Victoria_Cross_of_canada

THE

 

TO THE VICTORIA & GEORGE CROSS

COMPREHENSIVE GUIDE

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b. 07/10/1901 Surbiton, Surrey. d. 26/04/1987 New Forest, Hampshire.

 

DATE AND PLACE OF GC ACTION: 12-15/08/1942 Mediterranean Sea.

 

Dudley William Mason (1901-1987) was born on 7th October 1901 in Surbiton, Surrey, the son of Charles John Little Mason, a chauffeur and his wife, Agnes Ellen (nee Cozier). His mother was also working in domestic service for the family that his father was driving for. The family they worked for lived in Long Ditton, where Dudley and his brother Charles also attended school. Dudley left school at the age of 14/15 to attend night school. When he was 19, in June 1920, he joined the Eagle Oil Company as an apprentice.

 

On the onset of World War Two, Dudley’s ship, the SS Ohio, owned by the Eagle Oil Company, was chartered by the Ministry of War Transport to become part of a 14 merchant vessel convoy to deliver supplies to the besieged island of Malta. The SS Ohio was a 14,000 ton tanker carrying 1,000 tons of fuel oil. The mission was called Operation Pedestal.

 

On 12th August 1942, the SS Ohio was hit by Italian torpedoes, and for 4 days she was attacked by aircraft and submarines, shattering the ship. One bomb lifted her right out of the water, while another exploded in her boiler room, and a Stuka crashed and exploded on her deck. Her back was broken. Nevertheless, although she was so badly damaged, the ship's engineers kept her going and she was steered without any compass. She was finally towed into port, the sea level almost up to her deck. Mason had sustained burns to the hands and he was flown back to Britain, together with Chief Engineer James Wyld. However, no accommodation had been arranged, there was no reception party and they were left to find their own treatment. After the award of the GC on 8th September 1942, Mason felt that the whole crew deserved the award.

 

Other gallantry awards to the crew of Ohio during Operation Pedestal included a Distinguished Service Order, five Distinguished Service Crosses and seven Distinguished Service Medals.

 

After the War, Dudley married for a second time in 1948 to Vera de Smitt, and had a step daughter Pat. Following retirement, Dudley and Vera moved to the village of Sway, Hampshire. Sadly, in 1967, Vera passed away, and he asked Pat and her husband, Leslie Davis to move to live with him in Sway. Dudley lived to the age of 85, passing away on 26th April 1987 in Brockenhurst, near Lymington, Hampshire. He was cremated at Bournemouth Crematorium. The service was attended by the High Commissioner of Malta GC and two George Cross holders, Anthony Cobham GC and Dennis Copperwheat GC. His ashes were scattered in the garden of his home, Mill House in Sway. His GC and other medals were bequeathed to the Honourable Company of Master Mariners (whom Dudley joined in 1954) and displayed on their ship HQS Wellington, on the River Thames.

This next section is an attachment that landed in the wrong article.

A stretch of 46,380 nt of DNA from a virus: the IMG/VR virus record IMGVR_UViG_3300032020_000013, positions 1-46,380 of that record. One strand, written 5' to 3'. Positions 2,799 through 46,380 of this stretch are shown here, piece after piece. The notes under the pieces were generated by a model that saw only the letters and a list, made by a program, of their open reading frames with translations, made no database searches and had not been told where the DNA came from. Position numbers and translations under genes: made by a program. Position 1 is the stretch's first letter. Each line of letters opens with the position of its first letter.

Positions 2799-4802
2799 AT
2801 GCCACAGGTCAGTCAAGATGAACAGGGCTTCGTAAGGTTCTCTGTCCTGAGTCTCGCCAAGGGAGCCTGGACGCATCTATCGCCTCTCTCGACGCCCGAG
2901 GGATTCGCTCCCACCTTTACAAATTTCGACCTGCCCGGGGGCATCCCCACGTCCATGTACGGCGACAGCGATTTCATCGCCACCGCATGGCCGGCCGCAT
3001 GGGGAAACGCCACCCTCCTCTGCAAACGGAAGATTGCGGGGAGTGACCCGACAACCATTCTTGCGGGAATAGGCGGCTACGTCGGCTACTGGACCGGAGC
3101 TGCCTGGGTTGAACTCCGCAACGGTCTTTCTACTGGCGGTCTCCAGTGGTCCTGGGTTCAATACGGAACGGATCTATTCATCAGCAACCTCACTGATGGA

LOCATION OF MEDAL: HQS WELLINGTON, RIVER THAMES, LONDON.

BURIAL PLACE: THE MILL COTTAGE, SWAY, HAMPSHIRE.

 

 

 

 

 

 

 

 

 

 

 

 

 

 

 

 

 

 

 

 

 

 

 

 

 

Dudley William Mason GC

MASON

“The KING has been graciously pleased to award the GEORGE CROSS to

 

Captain Dudley William Mason, Master, S.S. “Ohio.”

 

During the passage to Malta of an important convoy Captain Mason's ship suffered most violent onslaught. She was a focus of attack throughout and was torpedoed early one night. Although gravely damaged, her engines were kept going and the Master made a magnificent passage by hand-steering and without a compass. The ship's gunners helped to bring down one of the attacking aircraft. The vessel was hit again before morning, but though she did not sink, her engine room was wreaked. She was then towed. The unwieldy condition of the vessel and persistent enemy attacks made progress slow, and it was uncertain whether she would remain afloat. All next day progress somehow continued and the ship reached Malta after a further night at sea.

 

The violence of the enemy could not deter the Master from his purpose. Throughout he showed skill and courage of the highest order and it was due to his determination that, in spite of the most persistent enemy opposition, the vessel, with her valuable cargo, eventually reached Malta and was safely berthed.

(The award is dated 4th September 1942.)

Transcribed by Terry Hissey

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Richard Yielding